Mamacita says: Blogging is dead? Says who? Blogging may have changed, but bloggers still rule the internet. Bloggers are helping people form viable opinions, giving people first-hand information, helping people make purchasing decisions based on word-of-mouth and actual “regular people” experience with a product, and giving people hope by sharing real life with the world.
Notice that I did not say “ordinary life” up there. There’s a reason for that.
There is no such thing as “ordinary life.” And if there were, who would want an ordinary life? The word “ordinary” is as offensive as is the word “average.” Average is as close to the bottom as it is to the top.
When we read blogs we are being invited to come in, sit down, and share. The more we share, the more we learn. The more we learn, the more we know. The more we know, the less likely we are to be mean, hateful, selfish, judgmental, and apt to fall for every fad, bit of gossip, mean-spirited rant, or “news” item from somebody’s viewer-supported “religious” icon. Bloggers share themselves with the world. Bloggers enable all of us to peek in at the windows of other bloggers, helping us learn about each other and get to know each other and learn from the mistakes and successes of others and get some good recipes for banana bread while we’re at it. Bloggers are many and more diverse than anyone could ever imagine. Bloggers tend to be less bigoted and more accepting than non-bloggers because bloggers see, daily, almost-first-hand, that we are all alike in all the important ways.
No, bloggers are not, for the most part, YOUR ONLY SOURCE for world news. Bloggers are, however, an excellent source for “I’m right here at the spot and here’s what I am seeing” news.
Twitter is awesome and I adore it. Ditto, Facebook. It’s on the blogs, though, that people will get the rest of the story that’s usually only hinted at on the shorter formats.
We old-school bloggers have long known what the newer bloggers are just now realizing: the Blogosphere is full of actual people who actually know something about something and are willing to share that knowledge with anybody who might want or need it, and that, my friends, is what friends do.
Is it possible to make real friends on the internet? Definitely. Do bloggers really meet other bloggers in real life? YES.
Another point I’d like to make: our online friends are as real as any other kind of friend.
Our grandparents’ friends were usually limited to the same community. Our parents’ friends may have extended to a few college friends but the main group was in the same area. Bloggers, on the other hand, have no geographic limitations. We can call someone in Outer Mongolia a friend, sight unseen, simply because we read each other’s blogs, talk via all kinds of wireless magical devices, share ideas, advice, laughs, tears, tragedies. . . the list is endless. Some of us now earn our living because of someone we met online, became friends with, and were then hired because of the blogging connection. Some people use their blogs mainly for making money via product pimpage; these are my least favorite blogs as they don’t give their readers any insight into the PERSON behind the blog, but they do work for people who are interested in such things.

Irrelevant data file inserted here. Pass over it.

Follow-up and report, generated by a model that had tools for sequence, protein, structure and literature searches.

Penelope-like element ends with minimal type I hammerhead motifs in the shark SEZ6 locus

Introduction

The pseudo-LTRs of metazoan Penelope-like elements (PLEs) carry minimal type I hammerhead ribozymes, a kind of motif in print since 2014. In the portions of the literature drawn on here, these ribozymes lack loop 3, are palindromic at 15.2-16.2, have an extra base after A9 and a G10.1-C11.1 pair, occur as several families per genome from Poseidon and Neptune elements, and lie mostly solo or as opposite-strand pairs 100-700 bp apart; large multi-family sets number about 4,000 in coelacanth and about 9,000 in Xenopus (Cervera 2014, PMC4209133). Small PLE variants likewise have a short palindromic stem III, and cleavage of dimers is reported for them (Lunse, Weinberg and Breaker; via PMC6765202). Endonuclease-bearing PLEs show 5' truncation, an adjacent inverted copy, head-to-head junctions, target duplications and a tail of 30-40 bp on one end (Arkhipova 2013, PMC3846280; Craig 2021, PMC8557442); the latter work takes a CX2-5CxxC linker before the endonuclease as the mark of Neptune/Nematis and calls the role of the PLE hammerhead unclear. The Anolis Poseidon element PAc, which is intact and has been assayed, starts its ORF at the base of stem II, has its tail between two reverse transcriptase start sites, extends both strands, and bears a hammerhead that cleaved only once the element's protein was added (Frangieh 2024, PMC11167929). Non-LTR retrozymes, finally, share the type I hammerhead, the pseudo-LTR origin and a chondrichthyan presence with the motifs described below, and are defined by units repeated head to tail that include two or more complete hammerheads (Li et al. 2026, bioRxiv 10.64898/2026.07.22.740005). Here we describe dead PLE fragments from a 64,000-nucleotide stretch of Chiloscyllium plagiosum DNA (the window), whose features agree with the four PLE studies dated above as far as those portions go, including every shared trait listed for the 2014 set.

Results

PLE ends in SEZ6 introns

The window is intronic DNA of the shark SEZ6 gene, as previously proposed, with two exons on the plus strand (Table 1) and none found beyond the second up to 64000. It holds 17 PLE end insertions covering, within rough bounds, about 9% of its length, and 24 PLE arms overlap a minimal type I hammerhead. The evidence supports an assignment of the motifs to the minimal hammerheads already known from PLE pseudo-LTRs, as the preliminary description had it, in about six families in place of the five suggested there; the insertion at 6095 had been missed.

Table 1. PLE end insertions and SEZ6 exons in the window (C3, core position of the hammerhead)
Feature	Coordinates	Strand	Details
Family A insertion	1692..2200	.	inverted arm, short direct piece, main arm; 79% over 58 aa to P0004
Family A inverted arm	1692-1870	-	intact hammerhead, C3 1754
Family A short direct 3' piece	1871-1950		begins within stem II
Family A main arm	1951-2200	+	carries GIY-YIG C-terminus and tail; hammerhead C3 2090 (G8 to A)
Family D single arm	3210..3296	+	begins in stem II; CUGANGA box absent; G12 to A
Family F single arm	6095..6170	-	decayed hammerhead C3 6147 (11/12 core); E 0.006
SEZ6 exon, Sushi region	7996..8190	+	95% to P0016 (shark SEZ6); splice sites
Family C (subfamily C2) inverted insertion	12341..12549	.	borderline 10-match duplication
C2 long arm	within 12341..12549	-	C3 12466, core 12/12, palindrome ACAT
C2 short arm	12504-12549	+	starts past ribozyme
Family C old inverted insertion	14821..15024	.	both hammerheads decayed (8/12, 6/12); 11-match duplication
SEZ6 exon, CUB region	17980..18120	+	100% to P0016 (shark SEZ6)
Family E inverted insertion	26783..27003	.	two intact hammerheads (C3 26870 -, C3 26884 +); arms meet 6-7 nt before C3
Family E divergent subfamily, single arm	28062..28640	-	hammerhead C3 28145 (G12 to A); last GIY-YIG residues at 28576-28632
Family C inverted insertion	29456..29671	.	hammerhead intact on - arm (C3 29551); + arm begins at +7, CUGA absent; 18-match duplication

Blogs can keep us updated as to recent work-related developments.
I like to keep personal blogging and business blogging separate, but there are times when there are crossovers. I make most of my purchases these days based on blogger recommendations.
A company’s blog tells us that this business cares enough about its customers and potential customers to keep them updated, handle customer complaints publicly, inform us of new ideas and products, and just generally let us know what’s going on and considered important in the business itself. The customer service aspect of a company blog is especially important, as a business’ handling of complaints, etc, will often determine whether or not a customer – or his/her many friends – return.
No, blogging is not dead. Even old-school blogging is not dead; it’s still alive and breathing and doing all the awesome things it’s always done. And in case you’re wondering, “old school” doesn’t mean “old blogger.” It just means a blogger who saw, long ago – which isn’t really all THAT long ago in internet terms – the awesome cool and community potential that blogging presented.
Blogging is not dead. If this is what you really think, perhaps you need a cooler group to hang out with. Or maybe you’re just a little bit too cool for your own britches.
Or, maybe it’s just YOUR blog that’s dead. Don’t judge the rest of us by your own failings.
The blog is not dead. The blog is very much alive, and very drastically affecting our lives in many, many ways.
It’s not all about purchasing power, either. That’s the least of blogging, and it’s a different kind of blogging. No, blogging is not dead.
Old school bloggers, let us rejoice that we had the brains and guts to begin and continue to blog. You all know who you are.
Some blogs might be dead, but not ours. Long live the blog!
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I so agree to all of this: the on-line friendships, the pouring out of our stories, the connections we make to other parts of the country and world, as well as other ideologies. I always wonder why in the world anyone would read about my mundane activities, but others tell me that it’s fascinating to look inside someone’s thoughts, emotions and existence.From a selfish perspective, it’s important to me to express myself through writing; it also helps me process what’s going on and how I feel about it.